Inspired by the pioneering Toronto’s Snakes & Lattes, Metivier opened his own—and Vegas’ first—cafe in January 2016. His staff wears shirts that say “Where Everyone Knows Your Game” to emphasize the cafe’s welcoming, Cheers-like atmosphere—even beer and wine will be available by September—and something-for-everyone collection, now 2,000 games strong. “Anyone can come here, from 2 to 99, of any level to ability, and I can find a game for them and teach them how to a play it,” says general manager Richard Dana. “There’s nothing else that combines that level of openness and availability [and] social community aspect.”
“My number one product is an experience,” says Metivier.
In the year and a half since Meepleville has been open, other game cafes have opened, including Groundswell Legit Coffee and Board Games, Reboot Video & Tabletop Game Lounge and, most recently, Tables Board Game Spot, which opened in June as the lone board game cafe east of I-15. Besides spreading the gospel of board gaming, its m.o. is social interaction. If you need new players, you can place a marker on your table inviting others to join you. And there’s even a dedicated night where staff organize games around single or duo customers, fostering introductions and new acquaintances. “In general, that’s [tabletop gaming’s] major appeal,” says co-owner Albert Smedley. “There’s all these new games, but the real joy for those who play is the people they get to play with.”
Engagement also plays heavily into the success of Little Shop of Magic, Vegas’ oldest and largest tabletop game store. It’s technically a retail outlet, but half of its real estate is dedicated to game play, including customers testing some the store’s games. Store manager Brooke Rutledge—her actual title is Chief Sorceress—says LSOM’s open-door play policy and event calendar are born out of a genuine embrace of the gamer scene in Las Vegas. “We have Meetup groups that come here,” she says. “We have several people who had their first dates here because they knew they’d be able to play. We actually had a couple who invited us to their wedding because they met here. It’s really about building a community.”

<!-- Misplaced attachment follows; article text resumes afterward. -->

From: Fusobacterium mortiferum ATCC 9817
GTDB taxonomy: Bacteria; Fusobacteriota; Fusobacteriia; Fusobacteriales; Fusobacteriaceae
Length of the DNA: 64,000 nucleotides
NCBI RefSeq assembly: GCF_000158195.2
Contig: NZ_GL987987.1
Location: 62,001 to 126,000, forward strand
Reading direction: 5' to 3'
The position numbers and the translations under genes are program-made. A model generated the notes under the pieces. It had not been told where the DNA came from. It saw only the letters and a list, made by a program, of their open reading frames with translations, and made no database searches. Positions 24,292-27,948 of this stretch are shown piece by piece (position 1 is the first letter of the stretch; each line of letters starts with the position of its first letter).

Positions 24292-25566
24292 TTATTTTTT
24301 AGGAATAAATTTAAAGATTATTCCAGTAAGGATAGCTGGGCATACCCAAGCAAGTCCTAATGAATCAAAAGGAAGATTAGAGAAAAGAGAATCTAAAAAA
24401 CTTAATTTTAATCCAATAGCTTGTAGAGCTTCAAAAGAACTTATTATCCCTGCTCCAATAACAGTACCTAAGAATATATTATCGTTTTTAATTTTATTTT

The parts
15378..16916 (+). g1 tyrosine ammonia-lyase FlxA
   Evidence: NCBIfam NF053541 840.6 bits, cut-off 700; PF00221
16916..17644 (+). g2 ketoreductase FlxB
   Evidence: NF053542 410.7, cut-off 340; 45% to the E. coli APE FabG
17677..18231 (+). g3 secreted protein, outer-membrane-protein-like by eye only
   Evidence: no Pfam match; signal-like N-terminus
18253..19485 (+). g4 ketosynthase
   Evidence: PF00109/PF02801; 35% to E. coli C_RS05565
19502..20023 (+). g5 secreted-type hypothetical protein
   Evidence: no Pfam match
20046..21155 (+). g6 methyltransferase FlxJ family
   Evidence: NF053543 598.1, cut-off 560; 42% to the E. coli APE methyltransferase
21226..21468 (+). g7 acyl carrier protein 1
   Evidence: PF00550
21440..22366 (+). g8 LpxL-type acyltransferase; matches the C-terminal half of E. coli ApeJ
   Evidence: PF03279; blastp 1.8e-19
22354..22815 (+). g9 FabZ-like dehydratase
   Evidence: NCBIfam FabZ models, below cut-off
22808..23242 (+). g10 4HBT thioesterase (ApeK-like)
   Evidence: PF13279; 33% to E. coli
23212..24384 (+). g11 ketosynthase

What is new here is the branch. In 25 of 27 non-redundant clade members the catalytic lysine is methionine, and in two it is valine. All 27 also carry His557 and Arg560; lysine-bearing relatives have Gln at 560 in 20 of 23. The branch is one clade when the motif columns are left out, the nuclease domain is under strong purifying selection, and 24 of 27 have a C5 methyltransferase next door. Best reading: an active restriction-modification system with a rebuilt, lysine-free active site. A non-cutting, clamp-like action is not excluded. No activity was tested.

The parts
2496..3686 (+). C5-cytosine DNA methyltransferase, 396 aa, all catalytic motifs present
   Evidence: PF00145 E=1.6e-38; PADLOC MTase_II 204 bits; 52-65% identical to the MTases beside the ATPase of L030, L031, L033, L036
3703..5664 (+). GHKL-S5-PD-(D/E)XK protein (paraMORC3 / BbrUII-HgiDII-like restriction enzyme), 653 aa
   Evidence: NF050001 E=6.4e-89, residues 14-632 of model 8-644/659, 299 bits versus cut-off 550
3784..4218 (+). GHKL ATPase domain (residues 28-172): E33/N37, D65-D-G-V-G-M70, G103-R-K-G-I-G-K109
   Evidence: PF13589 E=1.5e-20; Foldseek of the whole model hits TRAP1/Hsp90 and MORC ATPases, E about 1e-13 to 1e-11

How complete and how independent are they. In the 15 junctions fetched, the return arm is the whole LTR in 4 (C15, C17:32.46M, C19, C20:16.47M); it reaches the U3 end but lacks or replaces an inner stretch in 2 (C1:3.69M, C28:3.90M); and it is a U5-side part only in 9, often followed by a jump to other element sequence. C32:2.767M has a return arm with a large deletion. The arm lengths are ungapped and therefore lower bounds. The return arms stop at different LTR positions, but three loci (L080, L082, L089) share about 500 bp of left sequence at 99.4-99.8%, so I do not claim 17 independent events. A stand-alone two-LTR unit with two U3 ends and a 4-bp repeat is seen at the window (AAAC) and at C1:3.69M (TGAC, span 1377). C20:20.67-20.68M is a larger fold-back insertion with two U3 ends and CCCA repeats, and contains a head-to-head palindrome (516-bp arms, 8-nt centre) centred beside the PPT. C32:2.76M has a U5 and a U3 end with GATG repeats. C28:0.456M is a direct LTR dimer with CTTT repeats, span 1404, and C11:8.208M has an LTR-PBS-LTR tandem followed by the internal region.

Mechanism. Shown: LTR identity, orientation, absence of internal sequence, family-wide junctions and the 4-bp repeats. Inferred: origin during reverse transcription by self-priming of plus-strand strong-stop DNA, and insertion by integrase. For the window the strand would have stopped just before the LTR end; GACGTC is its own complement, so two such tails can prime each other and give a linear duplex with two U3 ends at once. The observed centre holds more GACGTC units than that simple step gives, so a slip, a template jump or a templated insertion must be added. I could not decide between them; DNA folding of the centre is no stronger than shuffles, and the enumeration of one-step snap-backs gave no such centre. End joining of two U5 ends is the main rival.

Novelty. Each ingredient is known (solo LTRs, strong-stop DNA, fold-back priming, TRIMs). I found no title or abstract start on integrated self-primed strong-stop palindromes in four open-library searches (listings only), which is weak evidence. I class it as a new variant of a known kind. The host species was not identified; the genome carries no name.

While Vegas isn’t a tabletop Mecca, it possesses the capacity to become one. It’s a city of entertainment and experiential escape. Its geek offerings are growing. The heat drives people to indoor activity. And tabletop gaming’s inherent socialness can counter Las Vegas’ awkward sense of community. “There’s this opportunity that maybe has a bigger draw in Las Vegas than in other cities where people are more neighborly,” says local tabletop enthusiast Stephen Vargo, who also does work for Vegas-based gaming manufacturer Iello (King of Tokyo). “That [social] void in the way people live here opens the potential for a business model that allows for [gamer] money to come in—and for people get to know each other more.”
Tabletop gaming can’t come close to matching the audience and dollars of either video gaming or live entertainment. But it can serve as an alternative to those industries.
“You’re not in an audience watching a screen or people perform,” says Vargo. “You’re not at home playing your PlayStation with Flyboy4649 for the next four minutes. There’s that itch board gaming scratches for playing eye-to-eye with something tangible. Now you know the person next to you. Maybe you actually go to a show together.”